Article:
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Mt. Castor Marsh Conservation Area



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Elementary Strong St School Middle School Chestnut St


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Existing Sidewalks

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University of Massachusetts

Roadside path in rural Amherst

was founded in 1970, at the foot of the mountains on the town’s south border. Amherst has a mixeduse land pattern, including a traditional town center, smaller neighborhood centers, open fields preserved as agricultural conservation land, and open space belonging to the state parks at the south border of the town. While residential areas were once concentrated around the traditional town center and college campuses, there are currently scattered developments in many parts of the town. Amherst is served by three state highways: eastwest Route 9; north-south Route 116; and Route 63, which branches out from Route 116 in the north part of town. Since the 1960s, Amherst has purchased critical resource lands, including greenbelt corridors along rivers, old farmland, and important habitat areas to conserve these lands and link them through an extensive trail network. In 2012, Amherst’s conservation and recreation land totaled 1,965 acres. The town also has acquired agricultural preservation restrictions over 1,842 acres of farmland, with another 280 acres in progress, and conservation restrictions over an additional 157 acres. 23

Amherst Currently, the town has 80+ miles of trails, most of which were developed as part of its conservation efforts. The trails, which run through the town’s parks, recreation facilities, and conservation land, connect residential neighborhoods with natural settings and sometimes supplement missing links in the sidewalk network. For example, the town built a trail system from the North Amherst village center to the Cushman village center, a distance of more than a mile and a half. The trail passes through recreation and conservation land that the town purchased in the riparian corridor east of the village center, including a former mill pond (Puffer’s Pond).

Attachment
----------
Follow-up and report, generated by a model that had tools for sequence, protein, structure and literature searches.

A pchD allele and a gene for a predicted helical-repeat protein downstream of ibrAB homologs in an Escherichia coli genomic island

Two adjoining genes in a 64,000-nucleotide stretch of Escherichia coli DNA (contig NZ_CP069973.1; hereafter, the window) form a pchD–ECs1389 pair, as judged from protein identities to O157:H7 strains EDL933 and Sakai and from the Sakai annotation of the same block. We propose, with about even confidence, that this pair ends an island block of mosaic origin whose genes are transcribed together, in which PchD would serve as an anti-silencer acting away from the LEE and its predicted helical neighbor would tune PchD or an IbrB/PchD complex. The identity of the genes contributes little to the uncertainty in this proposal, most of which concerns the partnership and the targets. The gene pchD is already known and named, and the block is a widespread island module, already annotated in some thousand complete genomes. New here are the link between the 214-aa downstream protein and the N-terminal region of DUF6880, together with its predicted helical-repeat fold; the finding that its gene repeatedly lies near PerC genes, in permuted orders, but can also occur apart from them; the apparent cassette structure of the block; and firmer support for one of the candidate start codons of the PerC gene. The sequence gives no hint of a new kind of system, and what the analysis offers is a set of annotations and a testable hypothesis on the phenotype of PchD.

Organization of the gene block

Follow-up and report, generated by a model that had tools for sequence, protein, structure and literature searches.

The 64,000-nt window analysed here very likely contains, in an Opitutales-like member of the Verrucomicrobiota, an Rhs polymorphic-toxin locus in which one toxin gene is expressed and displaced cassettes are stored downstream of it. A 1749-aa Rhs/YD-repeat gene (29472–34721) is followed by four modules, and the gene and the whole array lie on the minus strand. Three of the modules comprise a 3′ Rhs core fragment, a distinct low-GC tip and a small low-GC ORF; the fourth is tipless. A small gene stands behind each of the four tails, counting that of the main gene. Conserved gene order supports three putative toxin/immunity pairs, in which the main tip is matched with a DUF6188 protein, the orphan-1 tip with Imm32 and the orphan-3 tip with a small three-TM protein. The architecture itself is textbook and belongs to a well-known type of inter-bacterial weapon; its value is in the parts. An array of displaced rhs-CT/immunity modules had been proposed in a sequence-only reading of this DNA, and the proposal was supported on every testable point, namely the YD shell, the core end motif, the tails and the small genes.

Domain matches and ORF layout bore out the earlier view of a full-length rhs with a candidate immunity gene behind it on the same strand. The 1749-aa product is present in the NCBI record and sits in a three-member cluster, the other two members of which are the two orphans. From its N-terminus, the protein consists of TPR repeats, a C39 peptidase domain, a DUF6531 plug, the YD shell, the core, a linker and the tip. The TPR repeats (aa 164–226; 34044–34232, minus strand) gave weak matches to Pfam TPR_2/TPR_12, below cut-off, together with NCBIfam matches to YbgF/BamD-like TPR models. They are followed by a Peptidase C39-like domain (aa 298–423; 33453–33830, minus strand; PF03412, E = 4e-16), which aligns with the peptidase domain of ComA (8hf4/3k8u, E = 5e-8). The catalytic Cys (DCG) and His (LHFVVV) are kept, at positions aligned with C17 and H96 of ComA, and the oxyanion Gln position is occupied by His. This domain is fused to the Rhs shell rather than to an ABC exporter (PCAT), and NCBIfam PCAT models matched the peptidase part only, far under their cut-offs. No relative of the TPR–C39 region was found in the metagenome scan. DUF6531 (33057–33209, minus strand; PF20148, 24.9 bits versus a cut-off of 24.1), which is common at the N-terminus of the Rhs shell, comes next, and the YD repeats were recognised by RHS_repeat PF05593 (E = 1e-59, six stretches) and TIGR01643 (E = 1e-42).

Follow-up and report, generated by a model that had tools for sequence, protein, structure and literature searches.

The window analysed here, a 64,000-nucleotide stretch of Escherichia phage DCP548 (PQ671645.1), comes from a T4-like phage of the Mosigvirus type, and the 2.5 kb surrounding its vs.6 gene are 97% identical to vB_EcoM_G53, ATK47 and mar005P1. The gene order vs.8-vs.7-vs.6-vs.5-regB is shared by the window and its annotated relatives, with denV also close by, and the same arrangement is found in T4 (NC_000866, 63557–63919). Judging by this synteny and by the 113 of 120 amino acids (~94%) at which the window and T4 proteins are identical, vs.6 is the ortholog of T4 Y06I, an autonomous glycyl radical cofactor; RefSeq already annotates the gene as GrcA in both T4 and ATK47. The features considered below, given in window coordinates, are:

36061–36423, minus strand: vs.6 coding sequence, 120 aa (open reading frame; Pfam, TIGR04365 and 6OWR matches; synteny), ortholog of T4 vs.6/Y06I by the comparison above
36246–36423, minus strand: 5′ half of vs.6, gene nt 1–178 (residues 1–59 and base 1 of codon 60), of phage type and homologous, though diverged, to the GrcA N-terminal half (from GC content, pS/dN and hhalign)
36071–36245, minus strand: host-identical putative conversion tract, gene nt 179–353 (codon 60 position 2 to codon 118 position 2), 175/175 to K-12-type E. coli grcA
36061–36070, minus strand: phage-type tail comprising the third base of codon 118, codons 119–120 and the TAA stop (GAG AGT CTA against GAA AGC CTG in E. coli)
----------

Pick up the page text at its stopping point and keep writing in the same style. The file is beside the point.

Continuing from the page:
The Town has also experimented with installations of raised crosswalks. An initial installation in 2003 on Seelye Street, called a “speed table” by the Town, was evaluated and the findings led to a conclusion that additional facilities should be constructed. As a result, four raised crosswalks on College Street were installed in the vicinity of Amherst College. A pedestrian-activated system of flashing lights was embedded within the speed tables to enhance nighttime visibility. Following the first installations, four additional raised crosswalks have been installed on South Pleasant Street. Curb extensions have also be constructed in the town.